We present the main algorithmic features in the software package SuperLU DIST, a distributedmemory sparse direct solver for large sets of linear equations. We give in detail our parallelization strategies, with a focus on scalability issues, and demonstrate the software’s parallel performance and scalability on current machines. The solver is based on sparse Gaussian elimination, with an innovative static pivoting strategy proposed earlier by the authors. The main advantage of static pivoting over classical partial pivoting is that it permits a priori determination of data structures and communication patterns, which lets us exploit techniques used in parallel sparse Cholesky algorithms to better parallelize both LU decomposition and triangular solution on largescale distributed machines.
How Good is Recursive Bisection?
 SIAM J. Sci. Comput
, 1995
"... . The most commonly used pway partitioning method is recursive bisection (RB). It first divides a graph or a mesh into two equal sized pieces, by a "good" bisection algorithm, and then recursively divides the two pieces. Ideally, we would like to use an optimal bisection algorithm. Becaus ..."
Abstract

Cited by 90 (4 self)
 Add to MetaCart
. The most commonly used pway partitioning method is recursive bisection (RB). It first divides a graph or a mesh into two equal sized pieces, by a "good" bisection algorithm, and then recursively divides the two pieces. Ideally, we would like to use an optimal bisection algorithm. Because the optimal bisection problem, that partitions a graph into two equal sized subgraphs to minimize the number of edges cut, is NPcomplete, practical RB algorithms use more efficient heuristics in place of an optimal bisection algorithm. Most such heuristics are designed to find the best possible bisection within allowed time. We show that the recursive bisection method, even when an optimal bisection algorithm is assumed, may produce a pway partition that is very far way from the optimal one. Our negative result is complemented by two positive ones: First we show that for some important classes of graphs that occur in practical applications, such as wellshaped finite element and finite difference...
Approximating Treewidth, Pathwidth, Frontsize, and Shortest Elimination Tree
, 1995
"... Various parameters of graphs connected to sparse matrix factorization and other applications can be approximated using an algorithm of Leighton et al. that finds vertex separators of graphs. The approximate values of the parameters, which include minimum front size, treewidth, pathwidth, and minimum ..."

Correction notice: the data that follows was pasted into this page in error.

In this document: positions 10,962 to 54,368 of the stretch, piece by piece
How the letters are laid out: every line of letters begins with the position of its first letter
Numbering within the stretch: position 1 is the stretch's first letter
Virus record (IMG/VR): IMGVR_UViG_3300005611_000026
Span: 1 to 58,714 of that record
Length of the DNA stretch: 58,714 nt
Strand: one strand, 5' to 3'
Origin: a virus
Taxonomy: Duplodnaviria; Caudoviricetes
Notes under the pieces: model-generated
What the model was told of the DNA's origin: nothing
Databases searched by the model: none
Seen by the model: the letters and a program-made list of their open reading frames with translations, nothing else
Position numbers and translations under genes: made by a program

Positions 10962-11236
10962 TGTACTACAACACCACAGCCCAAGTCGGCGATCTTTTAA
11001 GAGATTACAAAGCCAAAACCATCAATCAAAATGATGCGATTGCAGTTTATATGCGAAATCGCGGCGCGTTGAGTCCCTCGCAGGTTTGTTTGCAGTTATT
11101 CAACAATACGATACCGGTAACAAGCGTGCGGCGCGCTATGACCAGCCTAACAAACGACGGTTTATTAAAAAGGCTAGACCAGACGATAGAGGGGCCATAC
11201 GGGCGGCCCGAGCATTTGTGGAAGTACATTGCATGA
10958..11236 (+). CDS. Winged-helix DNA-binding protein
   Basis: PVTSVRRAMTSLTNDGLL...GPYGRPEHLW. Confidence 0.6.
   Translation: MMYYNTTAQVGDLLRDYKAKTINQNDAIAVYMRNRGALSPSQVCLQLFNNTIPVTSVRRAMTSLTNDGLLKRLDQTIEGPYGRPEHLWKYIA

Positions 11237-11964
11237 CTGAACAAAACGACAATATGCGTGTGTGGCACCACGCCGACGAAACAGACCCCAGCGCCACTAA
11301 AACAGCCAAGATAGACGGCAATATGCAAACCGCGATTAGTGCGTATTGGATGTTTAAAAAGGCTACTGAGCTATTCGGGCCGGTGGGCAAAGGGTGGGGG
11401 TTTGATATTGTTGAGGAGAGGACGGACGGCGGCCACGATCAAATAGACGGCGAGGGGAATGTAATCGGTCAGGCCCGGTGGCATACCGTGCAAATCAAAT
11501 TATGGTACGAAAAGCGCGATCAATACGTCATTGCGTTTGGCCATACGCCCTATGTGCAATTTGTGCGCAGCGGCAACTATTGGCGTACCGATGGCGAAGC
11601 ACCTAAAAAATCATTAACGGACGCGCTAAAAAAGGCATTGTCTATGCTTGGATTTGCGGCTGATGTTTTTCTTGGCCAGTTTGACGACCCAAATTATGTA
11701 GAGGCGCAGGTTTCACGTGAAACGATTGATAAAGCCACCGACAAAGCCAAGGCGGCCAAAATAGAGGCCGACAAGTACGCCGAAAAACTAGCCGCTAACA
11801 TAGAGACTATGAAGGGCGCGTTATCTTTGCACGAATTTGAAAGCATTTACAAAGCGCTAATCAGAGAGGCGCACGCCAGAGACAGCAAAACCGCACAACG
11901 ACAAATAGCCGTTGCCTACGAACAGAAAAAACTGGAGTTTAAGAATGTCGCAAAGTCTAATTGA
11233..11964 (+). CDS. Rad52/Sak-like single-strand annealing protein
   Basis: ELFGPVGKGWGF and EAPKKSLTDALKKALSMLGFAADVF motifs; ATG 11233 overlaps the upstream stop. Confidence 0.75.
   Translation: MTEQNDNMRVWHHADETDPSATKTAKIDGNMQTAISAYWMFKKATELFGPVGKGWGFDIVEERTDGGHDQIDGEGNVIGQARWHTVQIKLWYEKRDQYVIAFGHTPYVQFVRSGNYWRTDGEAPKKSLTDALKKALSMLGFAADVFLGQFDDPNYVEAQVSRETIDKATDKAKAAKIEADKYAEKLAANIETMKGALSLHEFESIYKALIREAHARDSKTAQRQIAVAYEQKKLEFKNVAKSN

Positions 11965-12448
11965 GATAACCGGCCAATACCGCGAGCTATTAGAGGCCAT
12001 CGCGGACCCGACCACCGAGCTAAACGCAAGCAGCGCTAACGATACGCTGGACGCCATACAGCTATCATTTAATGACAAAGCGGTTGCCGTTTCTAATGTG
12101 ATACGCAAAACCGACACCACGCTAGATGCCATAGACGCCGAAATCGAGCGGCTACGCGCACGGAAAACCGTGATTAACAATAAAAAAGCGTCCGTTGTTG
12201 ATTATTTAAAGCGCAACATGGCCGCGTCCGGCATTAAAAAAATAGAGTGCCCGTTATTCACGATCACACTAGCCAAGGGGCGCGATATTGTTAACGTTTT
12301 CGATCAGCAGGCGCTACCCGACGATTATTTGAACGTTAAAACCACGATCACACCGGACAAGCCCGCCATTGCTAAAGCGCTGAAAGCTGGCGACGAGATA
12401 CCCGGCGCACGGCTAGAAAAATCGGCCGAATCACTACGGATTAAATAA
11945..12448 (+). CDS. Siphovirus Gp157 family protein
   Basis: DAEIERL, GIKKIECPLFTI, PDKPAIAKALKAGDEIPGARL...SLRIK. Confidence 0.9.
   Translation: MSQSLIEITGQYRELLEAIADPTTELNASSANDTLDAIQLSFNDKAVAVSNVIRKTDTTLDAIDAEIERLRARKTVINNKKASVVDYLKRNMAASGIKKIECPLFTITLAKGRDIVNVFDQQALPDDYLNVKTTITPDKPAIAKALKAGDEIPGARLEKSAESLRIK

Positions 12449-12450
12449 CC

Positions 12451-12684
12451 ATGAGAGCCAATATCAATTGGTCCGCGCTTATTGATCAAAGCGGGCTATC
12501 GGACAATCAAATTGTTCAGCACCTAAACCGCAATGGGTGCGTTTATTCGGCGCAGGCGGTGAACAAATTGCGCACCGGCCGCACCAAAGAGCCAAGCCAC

Abstract

Cited by 60 (4 self)
 Add to MetaCart
Various parameters of graphs connected to sparse matrix factorization and other applications can be approximated using an algorithm of Leighton et al. that finds vertex separators of graphs. The approximate values of the parameters, which include minimum front size, treewidth, pathwidth, and minimum elimination tree height, are no more than O(logn) (minimum front size and treewidth) and O(log^2 n) (pathwidth and minimum elimination tree height) times the optimal values. In addition, we show that unless P = NP there are no absolute approximation algorithms for any of the parameters.
Permuting Sparse Rectangular Matrices into BlockDiagonal Form
 SIAM Journal on Scientific Computing
, 2002
"... We investigate the problem of permuting a sparse rectangular matrix into block diagonal form. Block diagonal form of a matrix grants an inherent parallelism for solving the deriving problem, as recently investigated in the context of mathematical programming, LU factorization and QR factorization. W ..."
Abstract

Cited by 57 (18 self)
 Add to MetaCart
We investigate the problem of permuting a sparse rectangular matrix into block diagonal form. Block diagonal form of a matrix grants an inherent parallelism for solving the deriving problem, as recently investigated in the context of mathematical programming, LU factorization and QR factorization. We propose bipartite graph and hypergraph models to represent the nonzero structure of a matrix, which reduce the permutation problem to those of graph partitioning by vertex separator and hypergraph partitioning, respectively. Our experiments on a wide range of matrices, using stateoftheart graph and hypergraph partitioning tools MeTiS and PaToH, revealed that the proposed methods yield very effective solutions both in terms of solution quality and runtime.
Secondorder cone programming methods for total variationbased image restoration
 SIAM Journal of Scientific Computing
, 2004
"... Abstract. In this paper we present optimization algorithms for image restoration based on the total variation (TV) minimization framework of L. Rudin, S. Osher and E. Fatemi (ROF). Our approach formulates TV minimization as a secondorder cone program which is then solved by interiorpoint algorithm ..."
Abstract

Cited by 51 (11 self)
 Add to MetaCart
Abstract. In this paper we present optimization algorithms for image restoration based on the total variation (TV) minimization framework of L. Rudin, S. Osher and E. Fatemi (ROF). Our approach formulates TV minimization as a secondorder cone program which is then solved by interiorpoint algorithms that are efficient both in practice (using nested dissection and domain decomposition) and in theory (i.e., they obtain solutions in polynomial time). In addition to the original ROF minimization model, we show how to apply our approach to other TV models including ones that are not solvable by PDE based methods. Numerical results on a varied set of images are presented to illustrate the effectiveness of our approach.